As mentioned in the ZIP Codes and Zmanim – Use With Care article, using ZIP codes to geolocate your position for zmanim can be problematic when the zip code is large. With large zip codes, zmanim on the west side of the zip code can be quite a bit later than zmanim on the east side of the zip. Recently, Lazer Guttman created an SMS based zmanim service at (914) 409-9394 that provides a warning when zmanim are requested for large zip codes. This approach is probably the best that can be done. I would recommend that any zmanim service that is zip code based (and does not have a map to allow zeroing in to a precise location), use this data to provide a warning whenever the zip codes is wider than 0.5° of longitude. A degree of longitude spans 4 minutes (regardless of the latitude), so half of a zip code with half of a degree would span 2 minutes (one minute east or west of the center). It should be noted that Canadian postal codes are much smaller than zip codes (usually covering one side of a city block), and most likely do not face the same issue. A spreadsheet listing all zip codes with the maximum longitude and latitude distances (in degrees), was generated by Avraham David Gelbfish from OpenDataDE that is based on US Census data. His Python source code is below.
jsonfile = open("tl_2019_us_zcta510/out2.geojson")
zipcodes = json.load(jsonfile)
def getop(geolist, operation, longitude = None, latitude = None):
if isinstance(geolist, list):
answers = [getop(geo, operation) for geo in geolist]
for answer in answers:
lat, lng = answer
if latitude is None:
latitude = lat
if longitude is None:
longitude = lng
latitude = operation(latitude, lat)
longitude = operation(longitude, lng)
return latitude, longitude
with open("out2.csv", "w") as csvfile:
zwriter = csv.writer(csvfile)
zwriter.writerow(["Zip", "Latitude max distance", "Longitude max distance"])
for zipcode in zipcodes["features"]:
zip = zipcode["properties"]["ZCTA5CE10"]
geometry = zipcode["geometry"]["coordinates"]
maxlat, maxlng = getop(geometry, lambda x, y: x if x > y else y)
minlat, minlng = getop(geometry, lambda x, y: x if x < y else y)
dlat = abs(maxlat - minlat)
dlng = abs(maxlng - minlng)
zwriter.writerow([zip, dlat, dlng])
Determining zmanim times while on an airline flight is rather complex compared to calculating it for a fixed location. Some of the complexity involves:
Where you are currently located
Direction of travel / flightpath
The above 3 variables impact the calculation of what the zmanim are in your current location and where you will likely be when various zmanim are met.
Surprisingly, the hardest part is figuring out your current location. The shortest point between 2 points on the globe is the great circle route. Though it is the shortest path, airliners rarely fly this way. To take advantage of prevailing winds such as the Gulf Stream, or to avoid bad weather, airlines often fly much longerroutes and as a passenger you often do not know exactly where you are. Yes, the airline shows you a nice location map, but getting your exact coordinates from the map is not something that they usually supply. From a practical perspective, many people on domestic and short international flights will manage to figure out davening times by themselves. As a general rule of thumb, it is time for Shacharis when the sun rises and time for Maariv when it gets dark. Please keep in mind that most poskim are of the opinion that we use zmanim at sea level elevation, or ground level, and not the 37,000 foot elevation of the flight. This elevation results in a difference of approximately 20 minutes in sunrise and sunset times. Not sure when Mincha time is? Wait until shortly before sunset. Just keep in mind that when flying due east (such as a flight from NY to Israel), you are flying in the opposite direction as the sun and the time for davening is compressed. While you may expect sof zman krias shema to be 1/4 of the way into the day, in this case the davening window is compressed into a much shorter time. The real complexity is in flights that cross the halachic dateline, polar flights and to a lesser degree, cross-Atlantic and Pacific flights. This article will not delve into the halacha of in-flight zmanim, but solely on the technical aspects of figuring out the zmanim times.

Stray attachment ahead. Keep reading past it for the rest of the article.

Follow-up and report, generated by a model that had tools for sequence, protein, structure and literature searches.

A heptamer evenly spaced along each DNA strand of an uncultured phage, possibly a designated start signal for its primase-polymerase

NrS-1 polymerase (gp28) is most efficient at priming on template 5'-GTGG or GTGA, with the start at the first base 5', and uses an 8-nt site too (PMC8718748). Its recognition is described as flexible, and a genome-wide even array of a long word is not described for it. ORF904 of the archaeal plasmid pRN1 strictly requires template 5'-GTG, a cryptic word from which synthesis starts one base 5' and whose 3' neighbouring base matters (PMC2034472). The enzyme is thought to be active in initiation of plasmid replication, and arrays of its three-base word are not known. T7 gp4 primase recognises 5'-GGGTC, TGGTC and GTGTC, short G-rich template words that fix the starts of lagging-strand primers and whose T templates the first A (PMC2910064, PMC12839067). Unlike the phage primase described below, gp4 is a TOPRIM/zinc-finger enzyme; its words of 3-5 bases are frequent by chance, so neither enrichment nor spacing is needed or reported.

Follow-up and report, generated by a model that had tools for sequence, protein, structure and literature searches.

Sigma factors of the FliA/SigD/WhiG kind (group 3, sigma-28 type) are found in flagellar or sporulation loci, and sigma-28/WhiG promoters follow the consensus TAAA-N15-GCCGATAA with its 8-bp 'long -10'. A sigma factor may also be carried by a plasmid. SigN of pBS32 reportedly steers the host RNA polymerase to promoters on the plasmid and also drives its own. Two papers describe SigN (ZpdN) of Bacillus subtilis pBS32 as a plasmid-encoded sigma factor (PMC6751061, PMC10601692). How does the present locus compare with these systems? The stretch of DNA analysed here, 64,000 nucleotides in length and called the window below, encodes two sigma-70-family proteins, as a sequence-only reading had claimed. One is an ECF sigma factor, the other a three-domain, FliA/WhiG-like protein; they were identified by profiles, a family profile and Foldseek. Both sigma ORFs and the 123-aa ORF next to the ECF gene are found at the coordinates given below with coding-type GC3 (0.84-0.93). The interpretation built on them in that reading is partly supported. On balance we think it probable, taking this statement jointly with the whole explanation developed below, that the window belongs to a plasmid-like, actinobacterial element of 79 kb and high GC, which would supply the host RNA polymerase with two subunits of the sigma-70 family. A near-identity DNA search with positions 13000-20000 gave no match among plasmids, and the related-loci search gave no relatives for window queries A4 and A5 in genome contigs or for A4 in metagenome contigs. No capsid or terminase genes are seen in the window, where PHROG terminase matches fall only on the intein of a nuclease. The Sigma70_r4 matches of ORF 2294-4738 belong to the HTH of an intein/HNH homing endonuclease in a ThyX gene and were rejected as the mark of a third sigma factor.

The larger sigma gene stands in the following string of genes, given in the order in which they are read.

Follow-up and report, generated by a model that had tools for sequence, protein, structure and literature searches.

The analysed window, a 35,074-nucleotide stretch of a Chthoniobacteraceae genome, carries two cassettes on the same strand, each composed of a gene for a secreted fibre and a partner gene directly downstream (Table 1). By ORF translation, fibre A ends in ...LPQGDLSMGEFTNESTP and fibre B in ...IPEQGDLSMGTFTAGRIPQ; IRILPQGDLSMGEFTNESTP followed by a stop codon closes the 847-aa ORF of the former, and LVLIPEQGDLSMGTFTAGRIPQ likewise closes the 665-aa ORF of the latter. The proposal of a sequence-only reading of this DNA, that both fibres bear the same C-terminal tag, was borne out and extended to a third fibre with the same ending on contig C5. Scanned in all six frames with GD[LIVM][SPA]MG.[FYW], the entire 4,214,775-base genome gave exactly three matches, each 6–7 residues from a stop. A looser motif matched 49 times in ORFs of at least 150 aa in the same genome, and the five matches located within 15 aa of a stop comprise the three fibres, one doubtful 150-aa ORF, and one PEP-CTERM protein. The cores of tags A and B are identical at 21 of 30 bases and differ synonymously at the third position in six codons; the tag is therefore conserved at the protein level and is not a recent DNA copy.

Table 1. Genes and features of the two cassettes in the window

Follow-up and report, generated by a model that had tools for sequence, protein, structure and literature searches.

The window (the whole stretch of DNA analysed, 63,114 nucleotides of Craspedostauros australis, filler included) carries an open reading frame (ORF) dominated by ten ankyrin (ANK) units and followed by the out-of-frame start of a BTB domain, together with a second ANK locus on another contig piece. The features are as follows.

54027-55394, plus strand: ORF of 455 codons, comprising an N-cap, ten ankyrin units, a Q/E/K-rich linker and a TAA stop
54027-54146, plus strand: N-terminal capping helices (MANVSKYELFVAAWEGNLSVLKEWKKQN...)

Using your phone’s GPS to identify your in-flight location, or even a standalone GPS device will usually not work once you are away from cell towers (where your GPS no longer has the assistance of A-GPS). GPS signals are very weak and your GPS receiver typically does not have an antenna strong enough to pick up the signals in an aluminum or even newer carbon fiber composite airplane like the Airbus A350 and Boeing 787. To receive a signal, an external GPS receiver is usually required and assuming that you can get a signal (it helps if the external receiver is placed by a window), we can proceed. Note that while you would expect that the CFRP body of a Boeing 787 would allow for a much stronger signal than aluminum airliners, the graphite (and probably other materials) in the 787 CFRP in conjunction with the electrochromic windows on the 787, completely block GPS signals. It is this shielding as opposed to GPS jamming that blocks signals on El-Al 787s. In my testing with an external GPS device designed for aviation such as the Dual XGPS 160, the composite A350 and 787 both do not allow enough GPS signal through for a GPS receiver to provide a location fix. It may be surprising that it is easier to receive the weak GPS signal in an aluminum fuselage than a composite one, but keep in mind that carbon fiber is an excellent electrical conductor. Carbon fiber was used as the filament in Thomas Edison’s early light bulbs and does not let RF signals through and effectively acts as a Faraday cage. If you are able to receive a GPS signal, you can accurately calculate zmanim for your current location using tools such as the KosherJava zmanim map. Just change the latitude and longitude to what you see in your GPS in the URL https://kosherjava.com/maps/zmanim3.html?lat=75.74&lng=-63.22&zoom=3. While not an ideal solution, it does work. The same works for the rare airlines whose maps do show accurate GPS coordinates. Please note that Wi-Fi based geolocation will not work on your flight (in my testing it gave the location of the service provider headquarters).